Saturday, November 20, 2010

In Response to Yeshe Samten

I was wondering when the "Dharma Police" would make an appearance.  I knew it would be only a matter of time before they would swoop down from their high horses in Tushita Heaven to put their two sense in about how I'm not Buddhist enough.  (Not that I go around even really identifying myself as a Buddhist, mind you.)  






So, Sergeant Yeshe Samten stopped by for a visit the other day to "bust" me on my views and comment on my blog.  I've copied the text of his comments below in BLUE, along with my responses in BLACK.  


Please, please, please, all you mighty Orthodox Buddhists out there... feel free to stop by and tell me all about how the things I'm saying are going to lead me down the wrong path to becoming a Hungry Ghost.  I welcome the challenge!  


Sgt. Samten:  


Please tell me that you're an actual Tibetan person and not just some conceited white guy masquerading behind a name that you thought was cool and made you sound more wise.  Also, please tell me that you're NOT the same Yeshe Samten that posted a comment on theworsthorse.com about how some guy's OM MANI PADME HUM tattoo was done in an "unapproved" place on his body.  


http://theworsthorse.com/2008/09/body-vows-stuarts-dharma-tattoo/


Actually... it would be better if you WERE this guy.  More fuel to the fire, I guess.  


You give an impression in your comments that you are some authority on Buddhist practice and that you have spent some time in "realization" yourself... but I wonder how you find the time to "go to the cushion" as you put it, when you spend all your time trolling the internet looking for people making Buddhist Faux Pas.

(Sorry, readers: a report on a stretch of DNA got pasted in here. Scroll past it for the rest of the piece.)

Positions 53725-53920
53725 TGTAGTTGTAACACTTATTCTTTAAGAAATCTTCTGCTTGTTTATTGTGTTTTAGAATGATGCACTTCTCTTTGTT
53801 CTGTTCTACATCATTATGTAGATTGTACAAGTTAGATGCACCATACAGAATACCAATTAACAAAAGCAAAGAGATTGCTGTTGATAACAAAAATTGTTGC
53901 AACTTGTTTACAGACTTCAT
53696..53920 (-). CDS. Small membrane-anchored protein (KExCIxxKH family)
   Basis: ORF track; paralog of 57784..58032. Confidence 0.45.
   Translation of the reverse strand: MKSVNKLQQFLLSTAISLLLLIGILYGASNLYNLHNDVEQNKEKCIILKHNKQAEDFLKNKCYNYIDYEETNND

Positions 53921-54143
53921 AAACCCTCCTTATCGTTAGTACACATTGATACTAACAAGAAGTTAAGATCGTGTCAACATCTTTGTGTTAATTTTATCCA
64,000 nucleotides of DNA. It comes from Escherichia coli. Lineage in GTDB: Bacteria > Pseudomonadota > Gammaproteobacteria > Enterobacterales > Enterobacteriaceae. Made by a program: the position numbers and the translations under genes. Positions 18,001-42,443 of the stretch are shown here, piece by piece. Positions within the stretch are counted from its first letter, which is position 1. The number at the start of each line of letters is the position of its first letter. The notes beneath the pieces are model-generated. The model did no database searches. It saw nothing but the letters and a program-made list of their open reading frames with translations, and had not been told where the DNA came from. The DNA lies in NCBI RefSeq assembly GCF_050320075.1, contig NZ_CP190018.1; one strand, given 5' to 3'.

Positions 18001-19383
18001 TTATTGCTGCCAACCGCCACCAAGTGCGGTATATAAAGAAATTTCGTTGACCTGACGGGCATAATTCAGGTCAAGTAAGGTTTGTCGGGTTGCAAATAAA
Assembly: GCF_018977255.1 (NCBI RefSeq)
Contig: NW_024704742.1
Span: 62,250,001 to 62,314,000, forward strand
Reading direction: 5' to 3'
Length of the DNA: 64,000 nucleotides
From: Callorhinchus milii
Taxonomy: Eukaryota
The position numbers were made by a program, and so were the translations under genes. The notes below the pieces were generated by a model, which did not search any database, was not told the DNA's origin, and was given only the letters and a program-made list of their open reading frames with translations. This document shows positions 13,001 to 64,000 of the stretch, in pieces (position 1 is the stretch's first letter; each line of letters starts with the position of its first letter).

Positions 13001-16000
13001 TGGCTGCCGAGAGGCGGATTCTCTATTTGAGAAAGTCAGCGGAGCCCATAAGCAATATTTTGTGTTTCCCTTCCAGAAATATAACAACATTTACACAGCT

Before I launch into my full-scale rebuttal of your comments, I'd like to say that my intended audience for this blog is people who are sick of or unattracted to traditional Buddhism.  


Maybe they've had experiences like me with pretentious Americans who worship an imagined mystical Asian race, or maybe they're just looking for a fresh view/interpretation of Buddhism.  Whatever the case, I think that most of the people who comment on my blog understand where I'm coming from.  


My use of humor to deconstruct cultural Buddhism is merely a tool to attract this kind of audience.  


Now, for your comments.  


You said:
I'm sorry, not to cast to dark a shadow on your blog (it seems like a fun way to connect and blow off steam)-- but your comments on Buddhism, emptiness, and "nothingness" sounds more like nihlism than Buddhism. That's all very cute if you are into Nietzsche, but as far as Buddhist practice and philosophy goes, nihlism, just as in eternalism, is an untenable point of view.